We talked recently about setting bold yet realistic goals, but how does that practically manifest itself in training and racing? Planning your annual racing calendar once you set your yearly goals will help you develop a smart, timely, and realistic plan for achieving your goals. Often, when you can choose from nearly an endless array of races, crafting your race calendar can prove frustrating and intimidating. Rather than stressing or abandoning your goals, follow this 5 step guide to planning your annual racing calendar.
5 Steps to Planning Your Annual Racing Calendar
Work Backwards from Your Biggest Goal
Most runners set a single, big goal for the year: qualify for Boston, PR in the half marathon, run their first ultra race, or run below 20 minutes in the 5K. All of your races in a calendar year should contribute to your achievement of your most important goal. For example, if you want to PR at a very specific marathon, then do not sign up for a half marathon the week before, even if that half marathon sounds fun.
From there, focus on your other 1-3 goal races. Each of these races is considered a “peak:” your race-specific fitness will be at its highest when you toe the starting line of this race. Be sure to allow enough time to recover, train, and peak between each of your goal races; optimally, 8-16 weeks, depending upon the distance of your goal races.
If you have major goals beyond running, your racing schedule must heed to these goals, since life is more important than running that one specific marathon. Whether you have your sights set on attending graduate school, having a baby, hiking the Pacific Crest Trail, or spending part of the year volunteering abroad, your races and training with these goal races should not conflict with these other aspirations.
Focus on Your Personal Training and Racing Preferences
I don’t like to race often, mostly because I love the process of base building and a focused training cycle more than racing itself. Racing for fun is not an applicable concept for me, since I am a competitive person. When I craft my annual racing calendar, I pick my goal races, ensure there is ample time to train and recover, and set it at that. I raced three times in 2015 (and one of these was a virtual race) and plan on doing only 3-4 races in 2016. I prefer longer distances races, which require longer training cycles and recovery periods.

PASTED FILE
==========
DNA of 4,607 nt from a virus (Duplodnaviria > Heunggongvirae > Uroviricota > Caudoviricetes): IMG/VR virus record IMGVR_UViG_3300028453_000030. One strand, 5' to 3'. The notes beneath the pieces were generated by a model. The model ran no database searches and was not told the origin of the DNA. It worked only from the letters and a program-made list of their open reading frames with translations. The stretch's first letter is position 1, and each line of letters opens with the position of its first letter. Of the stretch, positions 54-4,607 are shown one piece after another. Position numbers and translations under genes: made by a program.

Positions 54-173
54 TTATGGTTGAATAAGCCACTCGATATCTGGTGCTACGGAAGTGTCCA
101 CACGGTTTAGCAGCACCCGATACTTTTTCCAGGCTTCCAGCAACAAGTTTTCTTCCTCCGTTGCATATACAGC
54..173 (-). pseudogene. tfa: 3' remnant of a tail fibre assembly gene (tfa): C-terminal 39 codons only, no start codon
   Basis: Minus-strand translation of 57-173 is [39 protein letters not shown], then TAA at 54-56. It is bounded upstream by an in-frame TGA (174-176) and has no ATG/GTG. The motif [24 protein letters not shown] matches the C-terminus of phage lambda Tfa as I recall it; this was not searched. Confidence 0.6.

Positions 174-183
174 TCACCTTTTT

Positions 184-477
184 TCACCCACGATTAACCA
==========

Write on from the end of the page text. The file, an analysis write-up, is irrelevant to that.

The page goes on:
Some runners share a similar perspective as myself: quality over quantity. Some of these runners prefer to focus on specific goals and train hard for them, while others are limited by budget or their work schedule. When you begin to plan your annual racing calendar, stay true to your personal preferences and budget; don’t allow the external pressure of how it seems other runners race all the time deter you from your emphasis on running only a few high-quality races.
Other runners, especially those who specialized in the 5K and 10K, prefer to race more often. The recovery period after a shorter distance race does not extend as long as a recovery period after a full or half marathon and 5K/10K races are cheaper and often local. Some runners choose to run for fun and social reasons rather than competition, or find that frequent races throughout the year help them stay motivated.
Work in Cycles: Recovery, Base, Fundamental, Sharpening, and Peak